Tuesday, November 03, 2015

Kettlebells and Hits

I was not going to spar last night at Loyola Park.  My right shoulder was giving me problems, the left side of my upper back was acting up, and both of my knees were jelly.  But two new women in the gym, as seen in the above photo, sparred for the first time.  "You're just hitting each other's gloves," Alan said.  "Hit each other in the face!"  The women giggled, but they did not put more force on their punches.  "That's just pitty-pat.  If you all keeping doing that, I'm going to send Hillari in," Alan continued.  "Okay, I'll go in for a couple of rounds," I said.

"Hillari is actually going to hit you," Alan told both of the women.  I went one round with each woman.  I did get hits in, but I did not put great force on them.  Whenever Alan gave them instructions, I would turn down what I was doing to allow them to execute what he said.  Afterwards, one of the women said, "Sparring is not as scary as I thought it was going to be."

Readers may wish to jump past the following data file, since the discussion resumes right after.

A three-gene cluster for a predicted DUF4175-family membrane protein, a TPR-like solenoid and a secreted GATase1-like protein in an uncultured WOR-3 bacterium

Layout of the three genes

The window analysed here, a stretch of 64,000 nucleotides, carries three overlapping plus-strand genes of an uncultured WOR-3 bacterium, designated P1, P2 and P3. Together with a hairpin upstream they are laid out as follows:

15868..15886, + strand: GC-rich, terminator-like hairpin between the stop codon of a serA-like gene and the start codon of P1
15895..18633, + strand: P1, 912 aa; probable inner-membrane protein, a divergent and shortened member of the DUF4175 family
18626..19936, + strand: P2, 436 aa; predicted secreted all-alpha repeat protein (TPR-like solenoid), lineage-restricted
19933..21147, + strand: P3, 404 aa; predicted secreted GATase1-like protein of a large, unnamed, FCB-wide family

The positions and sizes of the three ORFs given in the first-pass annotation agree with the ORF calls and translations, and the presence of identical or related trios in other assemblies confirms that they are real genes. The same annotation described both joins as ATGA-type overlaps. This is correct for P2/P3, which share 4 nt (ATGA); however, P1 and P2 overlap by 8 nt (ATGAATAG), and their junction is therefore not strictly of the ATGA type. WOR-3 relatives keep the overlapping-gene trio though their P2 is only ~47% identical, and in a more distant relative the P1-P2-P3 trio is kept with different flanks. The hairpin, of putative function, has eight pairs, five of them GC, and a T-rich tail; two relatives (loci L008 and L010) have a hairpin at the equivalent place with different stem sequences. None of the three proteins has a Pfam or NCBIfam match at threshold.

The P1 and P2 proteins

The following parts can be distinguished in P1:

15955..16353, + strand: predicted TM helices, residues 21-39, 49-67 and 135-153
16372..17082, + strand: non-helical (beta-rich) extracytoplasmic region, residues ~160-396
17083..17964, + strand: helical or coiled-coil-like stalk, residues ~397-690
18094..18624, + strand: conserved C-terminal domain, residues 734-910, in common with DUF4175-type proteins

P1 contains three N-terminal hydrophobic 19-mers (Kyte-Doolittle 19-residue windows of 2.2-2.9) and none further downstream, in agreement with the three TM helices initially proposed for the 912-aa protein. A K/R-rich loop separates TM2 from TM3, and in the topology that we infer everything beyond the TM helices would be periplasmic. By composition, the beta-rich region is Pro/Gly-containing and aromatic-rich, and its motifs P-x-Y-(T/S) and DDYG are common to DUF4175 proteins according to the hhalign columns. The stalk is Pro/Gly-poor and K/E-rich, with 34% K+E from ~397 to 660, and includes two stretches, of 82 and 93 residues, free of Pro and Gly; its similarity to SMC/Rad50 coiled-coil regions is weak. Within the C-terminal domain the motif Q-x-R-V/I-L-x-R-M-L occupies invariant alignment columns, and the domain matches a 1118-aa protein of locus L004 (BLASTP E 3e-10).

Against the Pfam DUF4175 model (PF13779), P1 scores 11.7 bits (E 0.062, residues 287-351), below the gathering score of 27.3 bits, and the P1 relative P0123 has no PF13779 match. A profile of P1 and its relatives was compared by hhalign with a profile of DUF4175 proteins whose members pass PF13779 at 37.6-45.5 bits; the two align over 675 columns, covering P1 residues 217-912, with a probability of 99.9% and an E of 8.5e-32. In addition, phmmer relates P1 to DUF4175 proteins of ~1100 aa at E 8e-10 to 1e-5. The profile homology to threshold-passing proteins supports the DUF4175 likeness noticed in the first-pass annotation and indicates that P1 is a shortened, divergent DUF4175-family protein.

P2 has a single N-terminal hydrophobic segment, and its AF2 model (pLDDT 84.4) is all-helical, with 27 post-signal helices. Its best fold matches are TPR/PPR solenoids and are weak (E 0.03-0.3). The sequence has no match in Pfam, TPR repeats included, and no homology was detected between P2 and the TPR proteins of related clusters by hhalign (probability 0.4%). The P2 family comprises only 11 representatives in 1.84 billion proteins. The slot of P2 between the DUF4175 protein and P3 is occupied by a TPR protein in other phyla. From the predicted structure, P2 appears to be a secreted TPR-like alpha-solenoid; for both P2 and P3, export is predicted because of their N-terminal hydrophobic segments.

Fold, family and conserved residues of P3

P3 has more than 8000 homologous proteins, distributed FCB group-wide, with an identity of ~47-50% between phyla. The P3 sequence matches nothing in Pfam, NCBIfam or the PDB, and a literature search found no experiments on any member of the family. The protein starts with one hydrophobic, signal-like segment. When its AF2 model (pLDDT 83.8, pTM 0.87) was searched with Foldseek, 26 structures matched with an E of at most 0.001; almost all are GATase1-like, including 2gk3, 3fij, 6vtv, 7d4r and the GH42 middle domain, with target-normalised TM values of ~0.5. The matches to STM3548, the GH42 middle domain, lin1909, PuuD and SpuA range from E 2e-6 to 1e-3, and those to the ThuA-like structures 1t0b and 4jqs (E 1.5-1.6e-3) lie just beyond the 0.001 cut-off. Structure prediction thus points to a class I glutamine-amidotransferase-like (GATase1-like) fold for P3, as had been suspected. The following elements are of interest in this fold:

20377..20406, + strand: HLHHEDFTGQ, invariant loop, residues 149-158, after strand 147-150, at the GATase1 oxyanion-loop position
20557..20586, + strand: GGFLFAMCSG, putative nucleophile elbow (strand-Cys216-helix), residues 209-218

Leon, who neither Alan or I had seen in ages, stopped into the gym.  "I'm ready to do this, man.  I've thought about it, and I want to get back into the ring," he told Alan.  "But aren't you 90 years old?" Alan joked.  Leon insisted that this time, he was actually going to put the work in.  "I'm going to show you," he told Alan.  He promised to come in the next time the gym is open.

I read that Marlen Esparza lost one of the Olympic trial matches to qualify for competing next year.  She put up a video on social media to thank everyone who supported her.  I felt bad for her because she was very disappointed and sad.  It looks like the 2012 Summer Olympics -- where she won a bronze medal -- may be the first the only time she will compete on that level.

I've been observing Erica giving boxing tips to people in the gym.  If she wants to become a coach down the line, I believe that she would be a great one.  I'm also listening when she talks so I can help the kids I coach at LaFollette.

Alan let me use his kettlebell for exercise.  I had to struggle to swing it, and I didn't dare try to lift it over my head.  Alan's kettlebell is twenty-five pounds.  "I have to build up my strength more to do that," I told him.  Eventually I will purchase a few more lighter kettlebells for my gym, because I believe it will help the kids with strength and stamina.

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